Study shows how Toxoplasma parasite successfully spreads in the body

The parasite Toxoplasma is carried by a large portion of the global human population. Now a study led by researchers at Stockholm University shows how this microscopic parasite so successfully spreads in the body, for example to the brain. The parasite infects immune cells and hijacks their identity. The study is published in the scientific journal Cell Host & Microbe.

In order to fight infections, the various roles of immune cells in the body are very strictly regulated. Scientists have long wondered how Toxoplasma manages to infect so many people and animal species and spread so efficiently.

We have now discovered a protein that the parasite uses to reprogram the immune system."

Arne ten Hoeve, Researcher, Department of Molecular Biosciences, Wenner-Gren Institute at Stockholm University

The study shows that the parasite injects the protein into the nucleus of the immune cell and thus changes the cell's identity. The parasite tricks the immune cell into thinking it is another type of cell. This changes the gene expression and behavior of the immune cell. Toxoplasma causes infected cells which normally should not travel in the body to move very quickly and in this way the parasite spreads to different organs.

The phenomenon has been described as Toxoplasma turning immune cells into Trojan horses or wandering "zombies" that spread the parasite. The newly published study provides a molecular explanation for the phenomenon, and also shows that the parasite is much more targeted in its spread than previously thought.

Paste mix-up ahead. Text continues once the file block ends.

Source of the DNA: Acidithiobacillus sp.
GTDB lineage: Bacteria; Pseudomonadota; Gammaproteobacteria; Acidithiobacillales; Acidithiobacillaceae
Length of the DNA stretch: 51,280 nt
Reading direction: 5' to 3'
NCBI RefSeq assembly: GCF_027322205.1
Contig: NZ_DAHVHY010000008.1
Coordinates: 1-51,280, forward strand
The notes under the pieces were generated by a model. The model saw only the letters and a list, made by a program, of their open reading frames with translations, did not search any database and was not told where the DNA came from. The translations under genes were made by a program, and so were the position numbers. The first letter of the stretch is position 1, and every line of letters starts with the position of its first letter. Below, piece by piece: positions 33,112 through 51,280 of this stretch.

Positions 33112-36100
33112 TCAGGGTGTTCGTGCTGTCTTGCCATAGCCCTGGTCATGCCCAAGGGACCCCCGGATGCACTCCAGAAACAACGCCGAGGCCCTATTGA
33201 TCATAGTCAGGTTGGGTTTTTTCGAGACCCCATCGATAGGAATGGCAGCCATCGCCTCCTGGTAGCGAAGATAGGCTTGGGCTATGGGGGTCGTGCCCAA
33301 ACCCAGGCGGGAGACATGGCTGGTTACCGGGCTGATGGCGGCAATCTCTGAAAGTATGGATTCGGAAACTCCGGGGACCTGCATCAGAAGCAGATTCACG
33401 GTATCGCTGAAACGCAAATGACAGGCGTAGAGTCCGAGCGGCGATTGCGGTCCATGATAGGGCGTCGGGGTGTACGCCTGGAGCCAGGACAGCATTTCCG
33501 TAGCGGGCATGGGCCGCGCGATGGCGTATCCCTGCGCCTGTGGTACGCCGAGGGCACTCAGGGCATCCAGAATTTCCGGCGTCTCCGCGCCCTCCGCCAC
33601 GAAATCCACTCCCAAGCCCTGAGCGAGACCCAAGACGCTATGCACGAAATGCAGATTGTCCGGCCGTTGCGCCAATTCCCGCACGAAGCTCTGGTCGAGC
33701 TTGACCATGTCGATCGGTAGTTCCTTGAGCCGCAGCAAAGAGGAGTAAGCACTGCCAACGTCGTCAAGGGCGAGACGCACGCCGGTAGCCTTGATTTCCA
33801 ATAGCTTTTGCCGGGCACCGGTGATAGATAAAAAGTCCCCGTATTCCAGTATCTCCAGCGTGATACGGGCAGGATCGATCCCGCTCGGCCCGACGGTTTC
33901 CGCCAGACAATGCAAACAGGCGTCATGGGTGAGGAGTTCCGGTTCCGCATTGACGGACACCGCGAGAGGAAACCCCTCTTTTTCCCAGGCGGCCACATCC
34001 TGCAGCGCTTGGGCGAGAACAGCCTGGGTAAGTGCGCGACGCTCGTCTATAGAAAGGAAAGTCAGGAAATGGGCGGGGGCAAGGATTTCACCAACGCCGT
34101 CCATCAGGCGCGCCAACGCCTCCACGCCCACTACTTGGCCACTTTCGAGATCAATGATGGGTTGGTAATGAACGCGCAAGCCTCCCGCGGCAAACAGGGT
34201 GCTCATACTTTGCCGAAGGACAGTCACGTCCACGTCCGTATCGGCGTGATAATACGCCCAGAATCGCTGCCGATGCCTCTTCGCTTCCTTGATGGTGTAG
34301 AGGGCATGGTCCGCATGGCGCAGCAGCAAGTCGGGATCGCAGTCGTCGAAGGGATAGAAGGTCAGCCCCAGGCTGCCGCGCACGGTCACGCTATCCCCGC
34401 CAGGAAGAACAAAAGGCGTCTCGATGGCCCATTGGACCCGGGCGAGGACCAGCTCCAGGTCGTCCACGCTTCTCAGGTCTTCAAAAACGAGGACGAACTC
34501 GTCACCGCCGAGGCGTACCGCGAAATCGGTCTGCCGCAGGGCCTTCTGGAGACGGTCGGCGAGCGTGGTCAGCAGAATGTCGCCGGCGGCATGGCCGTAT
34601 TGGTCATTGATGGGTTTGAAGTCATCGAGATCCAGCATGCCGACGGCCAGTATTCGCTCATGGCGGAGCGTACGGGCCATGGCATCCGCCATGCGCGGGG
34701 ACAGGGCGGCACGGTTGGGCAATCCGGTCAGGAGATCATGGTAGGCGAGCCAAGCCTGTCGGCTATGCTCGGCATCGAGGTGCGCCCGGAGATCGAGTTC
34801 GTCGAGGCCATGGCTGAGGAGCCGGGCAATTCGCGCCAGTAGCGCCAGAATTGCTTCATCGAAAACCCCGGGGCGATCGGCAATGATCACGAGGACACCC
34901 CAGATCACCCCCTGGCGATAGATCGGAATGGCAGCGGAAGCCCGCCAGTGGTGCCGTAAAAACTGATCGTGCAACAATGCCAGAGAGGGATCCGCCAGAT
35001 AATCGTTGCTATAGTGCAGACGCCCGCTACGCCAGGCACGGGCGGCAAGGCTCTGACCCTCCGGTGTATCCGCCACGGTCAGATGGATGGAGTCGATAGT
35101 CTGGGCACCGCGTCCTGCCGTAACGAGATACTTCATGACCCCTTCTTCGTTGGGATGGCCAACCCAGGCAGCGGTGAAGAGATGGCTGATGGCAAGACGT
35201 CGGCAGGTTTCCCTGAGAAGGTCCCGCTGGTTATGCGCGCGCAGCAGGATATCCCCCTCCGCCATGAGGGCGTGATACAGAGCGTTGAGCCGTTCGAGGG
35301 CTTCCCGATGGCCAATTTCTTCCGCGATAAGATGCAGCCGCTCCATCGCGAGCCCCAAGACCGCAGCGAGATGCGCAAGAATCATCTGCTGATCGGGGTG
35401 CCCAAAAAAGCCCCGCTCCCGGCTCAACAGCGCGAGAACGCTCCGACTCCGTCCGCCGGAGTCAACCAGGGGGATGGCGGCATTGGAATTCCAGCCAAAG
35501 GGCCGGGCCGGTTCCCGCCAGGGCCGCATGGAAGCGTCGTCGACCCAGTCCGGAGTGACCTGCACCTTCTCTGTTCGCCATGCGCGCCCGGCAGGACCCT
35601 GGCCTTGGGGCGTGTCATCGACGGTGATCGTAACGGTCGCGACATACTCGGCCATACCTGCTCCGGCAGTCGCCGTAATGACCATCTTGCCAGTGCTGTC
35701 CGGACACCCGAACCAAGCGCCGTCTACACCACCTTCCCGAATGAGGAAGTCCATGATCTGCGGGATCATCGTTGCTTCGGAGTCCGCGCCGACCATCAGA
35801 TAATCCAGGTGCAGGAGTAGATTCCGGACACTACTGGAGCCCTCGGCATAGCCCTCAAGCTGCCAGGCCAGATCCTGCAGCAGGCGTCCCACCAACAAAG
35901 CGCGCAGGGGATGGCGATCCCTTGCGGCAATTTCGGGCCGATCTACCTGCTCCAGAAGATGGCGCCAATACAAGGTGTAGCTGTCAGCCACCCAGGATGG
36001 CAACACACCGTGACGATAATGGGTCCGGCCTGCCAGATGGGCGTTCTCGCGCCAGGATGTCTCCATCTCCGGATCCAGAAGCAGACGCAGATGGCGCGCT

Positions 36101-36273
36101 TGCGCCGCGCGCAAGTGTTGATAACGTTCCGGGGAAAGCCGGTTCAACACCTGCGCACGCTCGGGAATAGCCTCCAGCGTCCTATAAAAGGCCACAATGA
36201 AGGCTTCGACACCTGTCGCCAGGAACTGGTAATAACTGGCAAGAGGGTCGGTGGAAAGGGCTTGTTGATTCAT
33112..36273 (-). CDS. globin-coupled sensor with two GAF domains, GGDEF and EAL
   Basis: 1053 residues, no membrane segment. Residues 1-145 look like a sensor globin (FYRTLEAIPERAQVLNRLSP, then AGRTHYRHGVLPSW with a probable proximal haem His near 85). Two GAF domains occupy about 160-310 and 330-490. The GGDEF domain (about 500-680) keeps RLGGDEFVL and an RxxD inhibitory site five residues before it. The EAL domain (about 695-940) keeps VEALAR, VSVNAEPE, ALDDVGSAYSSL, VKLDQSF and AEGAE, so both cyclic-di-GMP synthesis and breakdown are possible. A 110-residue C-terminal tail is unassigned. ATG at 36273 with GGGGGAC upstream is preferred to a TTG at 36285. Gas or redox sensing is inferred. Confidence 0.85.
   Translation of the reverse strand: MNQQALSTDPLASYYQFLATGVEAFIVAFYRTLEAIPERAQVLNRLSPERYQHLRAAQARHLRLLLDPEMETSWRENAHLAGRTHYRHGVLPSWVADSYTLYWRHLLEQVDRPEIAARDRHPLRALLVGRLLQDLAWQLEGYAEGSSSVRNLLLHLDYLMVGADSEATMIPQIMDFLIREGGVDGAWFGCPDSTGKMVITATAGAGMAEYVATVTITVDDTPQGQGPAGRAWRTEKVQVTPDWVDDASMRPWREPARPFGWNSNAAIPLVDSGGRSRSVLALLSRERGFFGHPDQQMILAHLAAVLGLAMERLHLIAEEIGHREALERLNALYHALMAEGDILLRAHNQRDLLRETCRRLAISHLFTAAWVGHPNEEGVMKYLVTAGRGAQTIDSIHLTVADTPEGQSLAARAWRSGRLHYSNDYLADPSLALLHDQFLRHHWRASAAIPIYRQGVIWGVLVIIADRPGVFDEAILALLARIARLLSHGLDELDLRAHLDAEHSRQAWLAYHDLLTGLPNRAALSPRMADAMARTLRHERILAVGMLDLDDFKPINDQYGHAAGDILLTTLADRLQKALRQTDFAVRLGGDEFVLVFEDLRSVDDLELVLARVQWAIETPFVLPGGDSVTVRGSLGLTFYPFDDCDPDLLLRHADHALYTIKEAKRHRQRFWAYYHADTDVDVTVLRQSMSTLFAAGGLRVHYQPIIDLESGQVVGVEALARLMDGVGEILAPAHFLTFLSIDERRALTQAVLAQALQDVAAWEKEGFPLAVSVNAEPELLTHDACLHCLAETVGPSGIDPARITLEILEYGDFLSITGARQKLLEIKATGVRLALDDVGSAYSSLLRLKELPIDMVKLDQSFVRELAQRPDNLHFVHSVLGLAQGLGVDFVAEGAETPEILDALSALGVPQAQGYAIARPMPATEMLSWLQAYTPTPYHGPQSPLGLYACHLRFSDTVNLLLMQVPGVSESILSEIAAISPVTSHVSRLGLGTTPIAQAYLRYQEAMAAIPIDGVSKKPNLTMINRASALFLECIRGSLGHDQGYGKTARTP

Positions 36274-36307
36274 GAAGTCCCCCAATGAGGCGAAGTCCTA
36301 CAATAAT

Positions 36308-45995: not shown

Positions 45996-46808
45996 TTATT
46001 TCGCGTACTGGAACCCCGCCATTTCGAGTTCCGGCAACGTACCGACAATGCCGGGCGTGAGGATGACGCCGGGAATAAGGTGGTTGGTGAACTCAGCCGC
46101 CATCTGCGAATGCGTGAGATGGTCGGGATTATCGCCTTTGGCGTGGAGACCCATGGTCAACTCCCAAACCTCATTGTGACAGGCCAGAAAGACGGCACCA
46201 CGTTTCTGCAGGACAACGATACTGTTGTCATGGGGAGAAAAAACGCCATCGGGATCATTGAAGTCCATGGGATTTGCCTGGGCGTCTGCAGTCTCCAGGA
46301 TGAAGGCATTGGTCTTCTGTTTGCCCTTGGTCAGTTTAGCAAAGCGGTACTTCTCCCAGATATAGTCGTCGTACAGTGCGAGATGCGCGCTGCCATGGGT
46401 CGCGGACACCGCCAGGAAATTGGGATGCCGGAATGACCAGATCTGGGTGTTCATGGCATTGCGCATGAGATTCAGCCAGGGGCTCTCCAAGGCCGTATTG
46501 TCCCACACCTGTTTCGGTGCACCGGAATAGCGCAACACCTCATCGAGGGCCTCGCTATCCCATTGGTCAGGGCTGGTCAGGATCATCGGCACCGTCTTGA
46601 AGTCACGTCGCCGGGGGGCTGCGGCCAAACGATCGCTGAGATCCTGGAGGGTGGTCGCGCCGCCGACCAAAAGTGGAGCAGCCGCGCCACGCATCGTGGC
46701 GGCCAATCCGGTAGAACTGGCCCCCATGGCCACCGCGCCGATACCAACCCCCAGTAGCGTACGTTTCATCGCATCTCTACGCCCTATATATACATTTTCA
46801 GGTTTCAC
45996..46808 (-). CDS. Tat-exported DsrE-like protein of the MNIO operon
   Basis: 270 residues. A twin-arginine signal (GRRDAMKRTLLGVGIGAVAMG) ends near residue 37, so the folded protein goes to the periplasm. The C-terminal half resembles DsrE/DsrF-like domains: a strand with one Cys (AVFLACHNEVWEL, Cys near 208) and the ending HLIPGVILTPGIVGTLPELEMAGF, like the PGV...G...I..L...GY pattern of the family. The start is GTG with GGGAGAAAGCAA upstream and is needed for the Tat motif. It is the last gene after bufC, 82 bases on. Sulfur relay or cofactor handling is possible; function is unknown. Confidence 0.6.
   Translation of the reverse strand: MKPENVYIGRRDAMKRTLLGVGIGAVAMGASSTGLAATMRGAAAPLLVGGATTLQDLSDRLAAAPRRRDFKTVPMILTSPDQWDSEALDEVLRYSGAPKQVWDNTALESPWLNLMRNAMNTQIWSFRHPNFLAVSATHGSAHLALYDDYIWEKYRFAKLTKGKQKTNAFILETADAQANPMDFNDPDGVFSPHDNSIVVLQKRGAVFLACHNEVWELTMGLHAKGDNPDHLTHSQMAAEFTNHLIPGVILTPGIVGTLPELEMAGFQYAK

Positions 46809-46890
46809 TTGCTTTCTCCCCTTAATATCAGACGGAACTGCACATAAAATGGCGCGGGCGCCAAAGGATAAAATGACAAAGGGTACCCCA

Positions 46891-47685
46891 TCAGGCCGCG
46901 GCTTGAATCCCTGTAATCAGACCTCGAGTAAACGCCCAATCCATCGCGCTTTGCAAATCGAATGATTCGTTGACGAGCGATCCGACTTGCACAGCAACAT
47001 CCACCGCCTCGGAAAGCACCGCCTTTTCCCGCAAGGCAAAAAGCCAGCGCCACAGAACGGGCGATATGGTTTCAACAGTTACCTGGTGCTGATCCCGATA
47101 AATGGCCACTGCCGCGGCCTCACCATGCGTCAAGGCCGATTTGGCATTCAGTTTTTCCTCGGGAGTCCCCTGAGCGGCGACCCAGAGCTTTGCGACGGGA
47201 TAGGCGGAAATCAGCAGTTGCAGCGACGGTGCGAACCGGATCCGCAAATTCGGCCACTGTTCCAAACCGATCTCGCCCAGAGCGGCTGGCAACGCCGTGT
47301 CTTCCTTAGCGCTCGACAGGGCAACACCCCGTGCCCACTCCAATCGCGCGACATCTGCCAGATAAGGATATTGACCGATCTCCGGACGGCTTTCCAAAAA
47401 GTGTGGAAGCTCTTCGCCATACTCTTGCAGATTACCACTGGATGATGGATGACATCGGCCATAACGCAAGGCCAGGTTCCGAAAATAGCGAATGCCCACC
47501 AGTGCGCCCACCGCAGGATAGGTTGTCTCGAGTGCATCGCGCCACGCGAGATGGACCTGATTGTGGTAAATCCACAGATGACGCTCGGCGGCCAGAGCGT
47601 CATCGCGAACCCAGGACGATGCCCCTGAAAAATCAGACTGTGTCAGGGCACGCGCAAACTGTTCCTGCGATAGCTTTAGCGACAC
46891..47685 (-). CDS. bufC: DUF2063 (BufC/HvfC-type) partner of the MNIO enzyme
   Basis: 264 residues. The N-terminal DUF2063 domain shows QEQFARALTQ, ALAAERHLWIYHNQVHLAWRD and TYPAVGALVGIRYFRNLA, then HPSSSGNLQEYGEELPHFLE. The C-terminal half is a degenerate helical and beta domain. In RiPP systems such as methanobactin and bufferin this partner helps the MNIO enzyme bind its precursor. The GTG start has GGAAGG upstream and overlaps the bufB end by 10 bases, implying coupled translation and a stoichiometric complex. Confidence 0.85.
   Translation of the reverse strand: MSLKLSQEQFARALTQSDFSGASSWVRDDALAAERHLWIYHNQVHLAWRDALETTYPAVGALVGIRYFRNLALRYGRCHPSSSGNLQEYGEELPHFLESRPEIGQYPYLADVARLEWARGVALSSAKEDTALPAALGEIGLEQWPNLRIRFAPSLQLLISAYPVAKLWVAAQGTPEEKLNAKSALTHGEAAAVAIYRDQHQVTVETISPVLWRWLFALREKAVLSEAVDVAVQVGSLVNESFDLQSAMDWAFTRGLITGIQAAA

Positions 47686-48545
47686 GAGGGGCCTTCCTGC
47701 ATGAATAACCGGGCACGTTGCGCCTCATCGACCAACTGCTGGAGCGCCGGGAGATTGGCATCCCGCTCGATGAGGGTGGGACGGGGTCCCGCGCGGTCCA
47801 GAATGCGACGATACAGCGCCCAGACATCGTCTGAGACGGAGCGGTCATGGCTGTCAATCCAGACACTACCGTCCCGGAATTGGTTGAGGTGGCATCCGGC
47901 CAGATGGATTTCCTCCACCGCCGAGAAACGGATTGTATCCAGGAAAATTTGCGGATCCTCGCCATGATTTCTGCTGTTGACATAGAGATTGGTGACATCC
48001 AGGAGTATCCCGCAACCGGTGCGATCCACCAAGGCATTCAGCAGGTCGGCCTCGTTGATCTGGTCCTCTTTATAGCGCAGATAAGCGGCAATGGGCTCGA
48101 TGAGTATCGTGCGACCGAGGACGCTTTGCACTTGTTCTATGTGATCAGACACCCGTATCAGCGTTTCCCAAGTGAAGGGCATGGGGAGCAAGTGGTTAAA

"It is astonishing that the parasite succeeds in hijacking the identity of the immune cells in such a clever way. We believe that the findings can explain why Toxoplasma spreads so efficiently in the body when it infects humans and animals," says Professor Antonio Barragan, who led the study, which was carried out in collaboration with researchers from France and the USA.

Journal reference:

ten Hoeve, A.L., et al. (2022) The Toxoplasma effector GRA28 promotes parasite dissemination by inducing dendritic cell-like migratory properties in infected macrophages. Cell Host & Microbe.


The opinions expressed here are the views of the writer and do not necessarily reflect the views and opinions of News Medical.
Post a new comment
You might also like...
Nerve stimulation therapy for spinal cord injuries shows promise in animal studies